Posted by fourclankitchen on April 25, 2010
This is really a bread pudding/dessert that masquerades as french toast. It is requested by the junior set in my clan on every vacation. In accordance with the established protocol, I resist, and then cave in and make it, because it is easy to make. The keys here are a high quality challah (or a brioche) and real maple syrup. Also, it is best to start the night before, although I have assembled it and stuck it in the oven with few complaints.
The basic idea is to soak the challah in a custard (eggs, sugar, half and half) in the evening and bake it the next morning. But what puts it over the top is a maple syrup-nut layer that you layer beneath the custard. You bake it and flip it over, so the nuts and maple syrup form a nice topping for your French toast. So here goes:
Baked French Toast (from Bon Appetit)
1 lb. challah bread, sliced into 1″ thick slices
1/2 cup butter (1 stick)
1 1/2 cup half and half.
1 cup maple syrup + extra for serving
1/2 cup tightly packed brown sugar
1 cup pecans or coarsely chopped walnuts
1/2 tsp ground cinnamon
1 tsp vanilla
2 generous pinches of salt, divided (or use salted butter)
Combine butter, brown sugar, maple syrup and a pinch of salt in a pan over low heat till the butter and sugar melt and a smooth syrup is formed. Pour the maple syrup mix into a 13x9x2 non-metallic rectangular pan and spread the chopped nuts evenly over the syrup. Beat eggs, sugar, cinnamon, cream, the second pinch of salt and vanilla in a large bowl until all the ingredient are thoroughly blended. Soak each slice of break in the custard and arrange on top of the maply syrup-nut layer. Do not pack the bread tightly since it will swell as it bakes. Pour the remaining custard over the bread, wrap tightly and place in refrigerator until the next morning. You can proceed immediately if needed, but make sure that the bread is thoroughly soaked in the batter/custard.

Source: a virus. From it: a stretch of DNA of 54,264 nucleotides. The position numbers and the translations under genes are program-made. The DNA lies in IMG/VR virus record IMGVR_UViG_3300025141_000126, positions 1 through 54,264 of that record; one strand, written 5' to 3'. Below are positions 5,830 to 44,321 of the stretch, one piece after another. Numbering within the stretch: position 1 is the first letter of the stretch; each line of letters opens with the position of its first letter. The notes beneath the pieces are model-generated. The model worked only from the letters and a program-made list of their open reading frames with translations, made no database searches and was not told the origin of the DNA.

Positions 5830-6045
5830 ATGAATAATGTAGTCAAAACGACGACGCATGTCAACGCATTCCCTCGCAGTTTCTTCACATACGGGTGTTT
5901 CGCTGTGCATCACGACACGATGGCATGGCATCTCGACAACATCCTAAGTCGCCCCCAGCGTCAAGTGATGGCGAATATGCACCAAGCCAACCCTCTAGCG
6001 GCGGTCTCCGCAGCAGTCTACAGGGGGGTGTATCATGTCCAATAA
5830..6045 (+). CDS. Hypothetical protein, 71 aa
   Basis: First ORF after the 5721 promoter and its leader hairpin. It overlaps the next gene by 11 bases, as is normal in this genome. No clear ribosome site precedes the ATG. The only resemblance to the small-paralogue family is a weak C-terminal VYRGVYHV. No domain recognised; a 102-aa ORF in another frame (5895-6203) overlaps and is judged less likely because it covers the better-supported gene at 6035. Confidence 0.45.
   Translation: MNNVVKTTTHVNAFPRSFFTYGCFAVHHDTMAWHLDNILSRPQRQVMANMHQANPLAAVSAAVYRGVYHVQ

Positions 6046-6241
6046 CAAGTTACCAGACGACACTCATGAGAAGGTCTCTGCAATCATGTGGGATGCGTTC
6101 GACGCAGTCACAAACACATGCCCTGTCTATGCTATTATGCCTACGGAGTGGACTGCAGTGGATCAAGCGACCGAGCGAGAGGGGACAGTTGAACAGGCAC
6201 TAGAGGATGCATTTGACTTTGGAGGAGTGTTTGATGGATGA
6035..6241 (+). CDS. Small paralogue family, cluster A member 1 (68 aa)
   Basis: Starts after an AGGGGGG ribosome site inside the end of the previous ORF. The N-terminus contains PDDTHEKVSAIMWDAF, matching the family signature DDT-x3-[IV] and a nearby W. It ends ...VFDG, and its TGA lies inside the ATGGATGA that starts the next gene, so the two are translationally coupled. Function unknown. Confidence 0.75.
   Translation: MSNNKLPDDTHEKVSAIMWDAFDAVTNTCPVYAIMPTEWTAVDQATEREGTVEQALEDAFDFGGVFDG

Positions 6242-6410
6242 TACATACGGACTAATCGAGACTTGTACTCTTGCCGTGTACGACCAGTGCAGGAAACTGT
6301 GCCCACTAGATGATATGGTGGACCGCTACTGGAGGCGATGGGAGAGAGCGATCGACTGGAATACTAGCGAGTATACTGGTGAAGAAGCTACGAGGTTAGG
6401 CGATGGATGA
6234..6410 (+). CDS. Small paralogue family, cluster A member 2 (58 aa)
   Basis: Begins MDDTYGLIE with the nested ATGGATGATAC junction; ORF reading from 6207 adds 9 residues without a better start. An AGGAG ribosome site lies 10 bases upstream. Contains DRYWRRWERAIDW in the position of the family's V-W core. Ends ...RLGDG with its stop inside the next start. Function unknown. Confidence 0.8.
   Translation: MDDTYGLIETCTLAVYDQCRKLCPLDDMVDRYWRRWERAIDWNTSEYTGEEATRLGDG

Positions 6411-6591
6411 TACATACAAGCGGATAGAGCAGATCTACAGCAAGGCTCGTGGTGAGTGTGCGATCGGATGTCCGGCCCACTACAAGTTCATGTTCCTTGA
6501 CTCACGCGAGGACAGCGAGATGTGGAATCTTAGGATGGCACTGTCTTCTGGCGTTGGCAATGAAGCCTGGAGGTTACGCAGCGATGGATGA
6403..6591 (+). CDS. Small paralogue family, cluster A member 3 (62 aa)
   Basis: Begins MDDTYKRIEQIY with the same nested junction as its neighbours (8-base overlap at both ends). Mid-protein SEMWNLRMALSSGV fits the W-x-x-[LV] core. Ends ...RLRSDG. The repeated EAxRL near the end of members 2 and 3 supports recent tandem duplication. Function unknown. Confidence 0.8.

Preheat oven to 350˚F. Bake french toast in the oven until it becomes puffy and golden brown and a knife inserted into the center comes out clean, about 35-45 min. Cut into 6 pieces and serve. The original recipe suggests serving this with warm maple syrup, but it is plenty sweet and does not really need the added richness.
Posted in baked, Breads, Breakfast, Brunch, Vegetarian | Leave a Comment »
Posted by fourclankitchen on April 19, 2010
As I age, I no longer want dessert dripping with a gooey fudgy sauce or slathered with a cream cheese frosting. Instead I want dessert that is barely a dessert, something that could be eaten for breakfast, tea or after dinner. Now you give me an apple Balzano cake and my taste receptors are willing to dance and juice up the pleasure centers of my brain with happy juices.
This cake is barely a cake and not quite a custard, it’s something in between: almost like a crepe batter poured over sliced apples and baked. Try it, your taste receptors will also dance.
Apple Balzano Cake adapted from the New York Times via Alexandra Cooks.
1 stick butter (8 tbs), plus more for greasing pan
1 cup sugar
1 tsp vanilla extract
(you could use a vanilla bean)
2 Braeburn apples and 1 Golden delicious apple (the original recipe calls for 4 braeburns, I used what I had)
½ cup all purpose flour
2 tsp baking powder
¼ teaspoon salt
½ cup milk
Heat the oven to 350ºF. Butter a nine-inch-springform pan (or any round pan). Line the bottom of the pan with parchment paper and grease both the paper and the sides of the pan. Then melt butter in a microwave oven. In the food processor, beat together the eggs and the sugar until the mixture is thick and forms ribbons when lifted with a spoon and dropped. Add the vanilla.
Cut apples into quarters and core (no need to peel, although the original recipe calls for it). Slice the apples in the food processor using the slicer attachment. Alternatively, slice thinly by hand, but this would be a royal pain. Put the sliced apple in a large mixing bowl.